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How networking might help you get into management consulting

If you’re preparing to apply to a top consulting firm like McKinsey, BCG or Bain, you might be wondering if networking could improve your chances of success. Here, we take a look at who you can network with as a candidate of a top consulting firm, what methods of networking are available, and what difference it might make to your application.

Who to network with as a management consulting candidate

If you want to get into management consulting, there are a few key figures who it might be helpful to network with before you apply to your firm of choice:

  • Recruiters of the firm (who may be dedicated to your university if you’re an undergraduate or MBA student)
  • Current or former consultants of the firm
  • Current or former Partners of the firm
  • Senior clients of the firm
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How to network

As a candidate, your opportunities to network with individuals associated with the firm are likely to be fairly limited. However, there are two clear opportunities for doing this:

Joining management consulting networking events and programs

McKinsey, BCG and Bain all host in-person and virtual networking events to help prospective candidates learn about life at the firm and build connections. Some of these events, such as McKinsey Open House in Europe and Asia, and Bain’s location-specific virtual coffee chats, are delivered by recruiters. Meanwhile, other events are hosted by the firms’ global affinity groups, which support diversity, equity and inclusion:

  • McKinsey runs events around the world for candidates who identify as women, are part of the LGBTQ+ community, speak a particular language or belong to a specific cultural community. These events include African Leaders on the Move, #explore in Europe and the edad program in the Middle East.
  • BCG hosts an annual BCG PROUD conference for candidates who identify as members of the LGBTQ+ community.
  • Bain’s Womxn at Bain affinity group runs regular ‘Women in Consulting’ events around the world.

For BCG’s prospective tech and IT candidates, BCG Platinion, the firm’s technology arm, hosts an international Hackathon, along with other similar events in locations around the world.

Whichever networking event you attend, it’s important to do so with a good attitude and the intention to have positive interactions with recruiters, consultants and other candidates alike. Take advantage of the opportunity to learn more about life at the firm and the recruitment process, and don’t be afraid to ask questions. The impression you make at these events, particularly with recruiters, may be taken into account when your application is screened, so make sure it’s a good one!

When you come to prepare your application to the firm, remember to include the details of any networking events you attended in your cover letter and highlight what you learned from them.

Reaching out to people in your existing network

In your existing professional or personal network, you may know current or former consultants or Partners, or even clients, of the firm you wish to join. These may be people who you worked with during an internship, for example, or they might be former classmates or colleagues.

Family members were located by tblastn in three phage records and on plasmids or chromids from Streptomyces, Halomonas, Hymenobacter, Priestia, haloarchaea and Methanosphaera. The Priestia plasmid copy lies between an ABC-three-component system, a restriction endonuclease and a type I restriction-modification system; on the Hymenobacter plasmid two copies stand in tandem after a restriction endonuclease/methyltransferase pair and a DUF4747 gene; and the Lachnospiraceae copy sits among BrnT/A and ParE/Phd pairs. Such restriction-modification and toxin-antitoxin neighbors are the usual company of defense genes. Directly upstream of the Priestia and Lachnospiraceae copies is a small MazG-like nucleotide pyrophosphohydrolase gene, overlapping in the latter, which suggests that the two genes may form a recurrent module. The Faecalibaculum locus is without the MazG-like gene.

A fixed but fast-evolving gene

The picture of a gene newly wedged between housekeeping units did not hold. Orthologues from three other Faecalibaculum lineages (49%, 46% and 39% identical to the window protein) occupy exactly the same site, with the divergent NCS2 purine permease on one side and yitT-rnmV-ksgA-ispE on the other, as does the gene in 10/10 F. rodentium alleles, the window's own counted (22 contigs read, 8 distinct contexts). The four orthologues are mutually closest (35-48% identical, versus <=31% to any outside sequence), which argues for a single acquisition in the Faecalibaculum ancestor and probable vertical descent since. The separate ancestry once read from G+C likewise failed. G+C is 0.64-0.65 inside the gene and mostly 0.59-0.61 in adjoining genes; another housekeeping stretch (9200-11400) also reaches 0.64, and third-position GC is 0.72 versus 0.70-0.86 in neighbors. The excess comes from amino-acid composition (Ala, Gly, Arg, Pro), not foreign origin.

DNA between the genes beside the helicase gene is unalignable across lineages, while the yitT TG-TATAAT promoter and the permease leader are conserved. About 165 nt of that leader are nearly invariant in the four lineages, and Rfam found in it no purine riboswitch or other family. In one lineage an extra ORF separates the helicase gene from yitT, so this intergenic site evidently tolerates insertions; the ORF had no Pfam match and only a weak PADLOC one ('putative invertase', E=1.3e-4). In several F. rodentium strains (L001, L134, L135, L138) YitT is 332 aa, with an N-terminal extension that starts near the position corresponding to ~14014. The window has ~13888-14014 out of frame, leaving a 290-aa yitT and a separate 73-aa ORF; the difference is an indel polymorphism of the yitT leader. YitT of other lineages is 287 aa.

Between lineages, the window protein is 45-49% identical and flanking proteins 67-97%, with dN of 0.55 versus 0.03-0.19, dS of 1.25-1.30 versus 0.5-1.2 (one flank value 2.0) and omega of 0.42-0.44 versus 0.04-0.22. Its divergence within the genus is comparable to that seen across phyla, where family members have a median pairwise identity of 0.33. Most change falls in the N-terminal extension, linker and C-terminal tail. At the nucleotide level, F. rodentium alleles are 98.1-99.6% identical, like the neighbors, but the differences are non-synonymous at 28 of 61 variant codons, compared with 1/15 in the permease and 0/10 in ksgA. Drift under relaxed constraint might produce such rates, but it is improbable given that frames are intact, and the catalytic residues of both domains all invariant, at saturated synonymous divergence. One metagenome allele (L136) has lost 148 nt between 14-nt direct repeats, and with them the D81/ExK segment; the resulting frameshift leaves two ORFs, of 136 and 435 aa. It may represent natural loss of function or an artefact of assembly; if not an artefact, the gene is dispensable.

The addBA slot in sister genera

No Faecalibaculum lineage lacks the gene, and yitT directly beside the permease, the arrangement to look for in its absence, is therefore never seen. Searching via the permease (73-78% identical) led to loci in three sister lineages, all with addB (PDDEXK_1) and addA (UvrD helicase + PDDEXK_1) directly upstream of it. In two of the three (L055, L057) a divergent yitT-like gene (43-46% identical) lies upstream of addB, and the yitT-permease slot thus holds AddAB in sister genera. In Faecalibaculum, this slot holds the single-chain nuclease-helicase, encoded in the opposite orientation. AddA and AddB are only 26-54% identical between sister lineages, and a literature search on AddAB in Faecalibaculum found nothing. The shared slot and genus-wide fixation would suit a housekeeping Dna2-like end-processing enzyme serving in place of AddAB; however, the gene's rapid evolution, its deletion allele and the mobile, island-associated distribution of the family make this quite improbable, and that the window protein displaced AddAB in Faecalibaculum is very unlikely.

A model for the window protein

If you have a good relationship with these individuals, it’s a good idea to reach out to them before you submit your application to make them aware of your intention to apply to the firm. They may be able to provide you with valuable advice or insight, or even submit a recommendation on your behalf. They can do this by either emailing the recruiter in charge of screening your application or by following an established referral process. Recommendations from Partners or senior clients of the firm are likely to carry the most weight.

However, if you don’t have any connections in your network who are associated with the firm, don’t worry. The vast majority of candidates are invited to interview without a referral.

What difference will networking make to my management consulting application?

Ultimately, firms are looking for evidence of three qualities when they review a candidate’s application:

  • Can they solve problems?
  • Can they get things done?
  • Can they represent the firm?

Without including this evidence in your resume and cover letter, you’re unlikely to be invited to an interview. However, if your application demonstrates that you have these qualities, then networking can provide recruiters with additional insight into your presence and communication skills, commitment to consulting and overall potential.

Will networking improve my chances of receiving an offer?

While networking can supplement a strong application and can sometimes increase a candidate’s chance of being invited to an interview, it won’t influence the ultimate outcome of the application. In line with the meritocratic culture at McKinsey, BCG and Bain – in which hiring and promotions are based on performance – the decision to extend an offer to a candidate can only be made by interviewers, without any input from a third party.

In certain circumstances, networking can be helpful. However, the most important thing to do when you’re applying to join a top consulting firm is to prepare a standout resume and cover letter. The templates and specialized advice in our Free Resume Course will help you do this.

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